HEATING EFFECT OF ELECTRIC CURRENT
When current flows through a resistor, some of the electrical energy delivered to the resistor is converted into heat energy and it is dissipated. This heating effect of current is known as Joule’s heating effect. Just as current produces thermal energy, thermal energy may also be suitably used to produce an electromotive force. This is known as thermoelectric effect.
If a current I flows through a conductor kept across a potential difference V for a time t, the work done or the electric potential energy spent is
In the absence of any other external effect, this energy is spent in heating the conductor. The amount of heat(H) produced is
This relation was experimentally verified by Joule and is known as Joule’s law of heating. It states that the heat developed in an electrical circuit due to the flow of current varies directly as
(i) the square of the current
(ii) the resistance of the circuit and
(iii) the time of flow.
Find the heat energy produced in a resistance of 10 Ω when 5 A current flows through it for 5 minutes.
R = 10 Ω, I = 5 A, t = 5 minutes = 5 × 60 s
H = I2 R t
= 52 × 10 × 5 × 60
=25 × 10 × 300
=25 × 3000
=75000 J (or) 75 kJ
Electric iron, electric heater, electric toaster shown in Figure 2.30 are some of the home appliances that utilize the heating effect of current. In these appliances, the heating elements are made of nichrome, an alloy of nickel and chromium. Nichrome has a high specific resistance and can be heated to very high temperatures without oxidation.
An electric heater of resistance 10 Ω connected to 220 V power supply is immersed in the water of 1 kg. How long the electrical heater has to be switched on to increase its temperature from 30°C to 60°C. (The specific heat of water is s = 4200 J kg-1)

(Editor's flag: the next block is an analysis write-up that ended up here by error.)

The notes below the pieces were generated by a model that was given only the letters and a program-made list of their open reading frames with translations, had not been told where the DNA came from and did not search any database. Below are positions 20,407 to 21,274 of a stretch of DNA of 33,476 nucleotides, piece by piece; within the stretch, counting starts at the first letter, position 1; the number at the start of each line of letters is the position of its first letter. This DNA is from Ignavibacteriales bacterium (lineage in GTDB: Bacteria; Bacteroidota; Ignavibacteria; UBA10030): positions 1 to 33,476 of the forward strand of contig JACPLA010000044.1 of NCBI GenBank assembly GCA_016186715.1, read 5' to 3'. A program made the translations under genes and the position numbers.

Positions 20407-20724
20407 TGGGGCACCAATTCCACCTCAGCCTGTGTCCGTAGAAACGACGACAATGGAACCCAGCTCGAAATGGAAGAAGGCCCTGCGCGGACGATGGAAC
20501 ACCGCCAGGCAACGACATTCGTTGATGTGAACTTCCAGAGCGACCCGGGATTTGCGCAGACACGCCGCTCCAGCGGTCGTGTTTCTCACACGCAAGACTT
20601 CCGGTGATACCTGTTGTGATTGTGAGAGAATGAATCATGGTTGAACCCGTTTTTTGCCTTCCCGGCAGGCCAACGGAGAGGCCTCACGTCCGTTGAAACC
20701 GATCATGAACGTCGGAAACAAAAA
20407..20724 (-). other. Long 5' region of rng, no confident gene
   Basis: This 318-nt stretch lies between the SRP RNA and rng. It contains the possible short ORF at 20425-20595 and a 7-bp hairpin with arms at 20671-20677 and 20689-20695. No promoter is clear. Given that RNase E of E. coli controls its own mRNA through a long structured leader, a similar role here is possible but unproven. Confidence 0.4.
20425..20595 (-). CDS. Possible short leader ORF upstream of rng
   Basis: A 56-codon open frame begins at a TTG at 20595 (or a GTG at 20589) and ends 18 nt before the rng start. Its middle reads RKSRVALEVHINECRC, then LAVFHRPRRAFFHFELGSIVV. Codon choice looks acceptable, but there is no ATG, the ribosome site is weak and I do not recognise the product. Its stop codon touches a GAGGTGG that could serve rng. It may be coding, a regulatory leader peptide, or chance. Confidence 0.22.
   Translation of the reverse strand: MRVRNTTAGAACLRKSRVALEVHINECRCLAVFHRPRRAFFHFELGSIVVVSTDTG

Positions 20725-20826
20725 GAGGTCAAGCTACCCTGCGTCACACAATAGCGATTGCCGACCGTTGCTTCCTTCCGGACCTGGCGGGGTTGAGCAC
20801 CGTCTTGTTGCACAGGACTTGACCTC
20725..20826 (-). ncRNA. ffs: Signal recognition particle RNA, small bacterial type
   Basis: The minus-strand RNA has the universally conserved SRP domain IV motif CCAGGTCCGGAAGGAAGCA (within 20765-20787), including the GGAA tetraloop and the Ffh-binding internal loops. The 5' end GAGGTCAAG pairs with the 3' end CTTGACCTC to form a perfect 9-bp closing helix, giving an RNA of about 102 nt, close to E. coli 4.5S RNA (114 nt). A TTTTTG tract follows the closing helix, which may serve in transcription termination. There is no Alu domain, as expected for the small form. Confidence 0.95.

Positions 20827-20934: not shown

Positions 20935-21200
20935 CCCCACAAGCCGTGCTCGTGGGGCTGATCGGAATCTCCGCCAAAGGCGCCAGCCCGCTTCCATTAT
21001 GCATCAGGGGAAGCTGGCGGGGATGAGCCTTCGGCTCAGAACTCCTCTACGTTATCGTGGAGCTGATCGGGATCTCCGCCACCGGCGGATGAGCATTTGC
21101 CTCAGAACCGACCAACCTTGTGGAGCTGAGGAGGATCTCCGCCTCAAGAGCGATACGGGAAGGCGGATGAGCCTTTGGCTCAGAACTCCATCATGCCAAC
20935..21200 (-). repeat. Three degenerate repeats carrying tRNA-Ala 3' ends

According to Joule’s heating law H = I2 Rt
The current passed through the electrical heater = 220V/10Ω = 22 A
The heat produced in one second by the electrical heater H = I2 R
The heat produced in one second H = (22)2 x 10 = 4840 J = 4.84 k J. In fact the power rating of this electrical heater is 4.84 k W.
The amount of energy to increase the temperature of 1kg water from 30°C to 60°C is
Q = ms ∆T (Refer XI physics vol 2, unit 8)
Here m = 1 kg,
s = 4200 J kg-1,
∆T = 30,
so Q = 1 × 4200 x 30 = 126 kJ
The time required to produce this heat energy t = Q/ I2R = 126 ×103 / 4840 ≈ 26 .03 s
Fuses as shown in Figure 2.31, are connected in series in a circuit to protect the electric devices from the heat developed by the passage of excessive current. It is a short length of a wire made of a low melting point material. It melts and breaks the circuit if current exceeds a certain value. Lead and copper wire melts and burns out when the current increases above 5 A and 35 A respectively.
The only disadvantage with the above fuses is that once fuse wire is burnt due to excessive current, they need to be replaced. Nowadays in houses, circuit breakers (trippers) are also used instead of fuses.
Whenever there is an excessive current produced due to faulty wire connection, the circuit breaker switch opens. After repairing the faulty connection, we can close the circuit breaker switch. It is shown in the Figure 2.32.
Furnaces as shown in Figure 2.33 are used to manufacture a large number of technologically important materials such as steel, silicon carbide, quartz, gallium arsenide, etc). To produce temperatures up to 1500°C, molybdenum-nichrome wire wound on a silica tube is used. Carbon arc furnaces produce temperatures up to 3000 °C.
It consists of a tungsten filament (melting point 3380 ºC) kept inside a glass bulb and heated to incandescence by current. In incandescent electric lamps only about 5% of electrical energy is converted into light and the rest is wasted as heat. Electric discharge lamps, electric welding and electric arc also utilize the heating effect of current as shown in Figure 2.34.